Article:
Sexually Transmitted Diseases (STDs in Men) (cont.)

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Chancroid

What is chancroid?

Chancroid is a bacterial infection with the bacteria Hemophilus ducreyi. The infection initially manifests in a sexually exposed area of the skin. The infection typically appears on the penis but also occasionally occurs in the anal or mouth area. Chancroid starts out as a tender bump that emerges 3 to 10 days (the incubation period) after the sexual exposure. The bump then erupts into an ulcer (an open sore), which is usually painful. Often, there is an associated tenderness of the glands (lymph nodes), for example, in the groin of patients with penile bumps or ulcers. Chancroid is a relatively rare cause of genital lesions in the U.S., but is much more common in many developing countries.

How is chancroid diagnosed?

The diagnosis of chancroid is usually made by a culture of the ulcer to identify the causative bacteria. A clinical diagnosis (which is derived from the medical history and physical examination) can be made if the patient has one or more painful ulcers and there is no evidence for an alternative diagnosis such as syphilis or herpes. The clinical diagnosis justifies the treatment of chancroid even if cultures are not available. Incidentally, the word chancroid means resembling a "chancre," which is the medical term for the painless genital ulcer that is seen in syphilis. Chancroid is also sometimes called "soft chancre" to distinguish it from the chancre of syphilis, which feels hard to the touch.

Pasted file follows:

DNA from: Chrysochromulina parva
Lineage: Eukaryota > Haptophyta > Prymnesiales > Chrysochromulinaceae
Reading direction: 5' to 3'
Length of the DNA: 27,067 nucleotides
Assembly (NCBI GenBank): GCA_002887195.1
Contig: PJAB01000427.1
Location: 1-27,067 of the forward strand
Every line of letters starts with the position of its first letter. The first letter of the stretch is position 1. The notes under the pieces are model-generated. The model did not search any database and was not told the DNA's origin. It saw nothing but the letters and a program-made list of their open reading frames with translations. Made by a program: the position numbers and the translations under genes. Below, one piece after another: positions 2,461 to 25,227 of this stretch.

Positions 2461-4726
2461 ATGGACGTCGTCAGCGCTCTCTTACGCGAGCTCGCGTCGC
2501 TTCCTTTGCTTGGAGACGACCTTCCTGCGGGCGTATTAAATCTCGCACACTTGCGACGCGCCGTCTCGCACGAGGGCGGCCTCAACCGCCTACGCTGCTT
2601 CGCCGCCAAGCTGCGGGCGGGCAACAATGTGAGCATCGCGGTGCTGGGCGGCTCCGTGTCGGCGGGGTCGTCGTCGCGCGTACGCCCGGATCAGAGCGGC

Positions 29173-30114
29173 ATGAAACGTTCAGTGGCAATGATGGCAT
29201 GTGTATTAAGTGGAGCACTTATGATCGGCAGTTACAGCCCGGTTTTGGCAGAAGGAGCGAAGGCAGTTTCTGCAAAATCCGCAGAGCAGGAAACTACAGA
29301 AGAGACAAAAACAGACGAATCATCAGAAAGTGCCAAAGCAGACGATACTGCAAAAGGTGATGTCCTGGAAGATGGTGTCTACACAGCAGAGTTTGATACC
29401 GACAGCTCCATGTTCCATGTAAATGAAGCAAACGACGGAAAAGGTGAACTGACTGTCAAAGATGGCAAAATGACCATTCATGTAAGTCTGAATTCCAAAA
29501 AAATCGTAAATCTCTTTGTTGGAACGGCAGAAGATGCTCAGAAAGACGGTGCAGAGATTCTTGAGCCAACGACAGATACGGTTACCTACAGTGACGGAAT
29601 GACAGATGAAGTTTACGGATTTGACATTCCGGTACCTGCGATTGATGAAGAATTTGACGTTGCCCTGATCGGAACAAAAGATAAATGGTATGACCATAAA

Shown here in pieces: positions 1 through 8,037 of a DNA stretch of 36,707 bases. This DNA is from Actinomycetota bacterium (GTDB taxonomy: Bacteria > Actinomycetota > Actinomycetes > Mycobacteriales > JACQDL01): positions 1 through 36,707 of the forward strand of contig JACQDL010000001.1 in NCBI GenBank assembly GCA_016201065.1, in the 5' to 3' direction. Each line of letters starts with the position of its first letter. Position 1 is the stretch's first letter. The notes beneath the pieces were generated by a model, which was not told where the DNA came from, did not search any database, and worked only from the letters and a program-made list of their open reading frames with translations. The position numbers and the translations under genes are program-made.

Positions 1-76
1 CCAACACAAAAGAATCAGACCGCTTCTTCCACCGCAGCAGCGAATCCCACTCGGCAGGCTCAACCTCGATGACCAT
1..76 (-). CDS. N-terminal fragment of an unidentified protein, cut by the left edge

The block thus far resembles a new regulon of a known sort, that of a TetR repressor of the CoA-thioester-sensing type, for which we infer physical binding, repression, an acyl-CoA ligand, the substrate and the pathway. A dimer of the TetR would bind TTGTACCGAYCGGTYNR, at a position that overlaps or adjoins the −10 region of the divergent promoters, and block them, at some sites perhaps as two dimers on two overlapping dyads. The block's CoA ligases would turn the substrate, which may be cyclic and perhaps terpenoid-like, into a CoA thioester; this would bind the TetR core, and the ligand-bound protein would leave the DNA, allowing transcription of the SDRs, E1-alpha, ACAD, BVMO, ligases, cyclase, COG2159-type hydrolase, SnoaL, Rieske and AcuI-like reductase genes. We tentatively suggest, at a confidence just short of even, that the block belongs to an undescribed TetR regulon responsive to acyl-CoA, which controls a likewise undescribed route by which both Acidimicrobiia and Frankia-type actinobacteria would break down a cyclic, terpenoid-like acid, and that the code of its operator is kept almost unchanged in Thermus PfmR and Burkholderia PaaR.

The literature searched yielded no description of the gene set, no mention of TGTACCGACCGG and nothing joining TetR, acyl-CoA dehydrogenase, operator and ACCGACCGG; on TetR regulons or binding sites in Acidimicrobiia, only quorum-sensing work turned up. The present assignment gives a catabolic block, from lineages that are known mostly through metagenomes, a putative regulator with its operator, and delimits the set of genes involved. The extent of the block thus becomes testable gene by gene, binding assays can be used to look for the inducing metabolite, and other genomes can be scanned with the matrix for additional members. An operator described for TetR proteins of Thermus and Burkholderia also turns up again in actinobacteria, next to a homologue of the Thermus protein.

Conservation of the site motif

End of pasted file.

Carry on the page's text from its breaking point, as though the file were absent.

How is chancroid treated?

Chancroid is almost always cured with a single oral dose of azithromycin (Zithromax) or a single injection of ceftriaxone (Rocephin). Alternative medications are ciprofloxacin (Cipro) or erythromycin. Whichever treatment is used, the ulcers should improve within 7 days. If no improvement is seen after treatment, the patient should be reevaluated for other causes of the ulcers. HIV-infected individuals are at an increased risk of failing treatment for chancroid. They should therefore be followed especially closely to assure that the treatment has worked. In addition, someone diagnosed with chancroid should be tested for other sexually transmitted diseases (such as chlamydia and gonorrhea), because more than one infection can be present at the same time.

What should a person do if exposed to someone with chancroid?

A health care professional should evaluate anyone who has had sexual contact with a person with chancroid. Whether or not the exposed individual has an ulcer, they should be treated if they were exposed to their partner's ulcer. Likewise, if they had contact within 10 days of the onset of their partner's ulcer, they should be treated even if their partner's ulcer was not present at the time of the exposure.

Medically Reviewed by a Doctor on 8/1/2012

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Sexually Transmitted Diseases in Men - Genital Herpes Question: Do you have genital herpes? How did you catch it, and what were your symptoms?
Sexually Transmitted Diseases in Men - Prevention Question: Are you sexually active and not in a monogamous relationship? How do you try to prevent catching STDs?
Sexually Transmitted Diseases in Men - HPV Question: Have you or your partner been diagnosed with HPV (genital warts)? Please share your experience.
Sexually Transmitted Diseases in Men - Chlamydia Question: Were you ever diagnosed with chlamydia? What were your symptoms and treatment?

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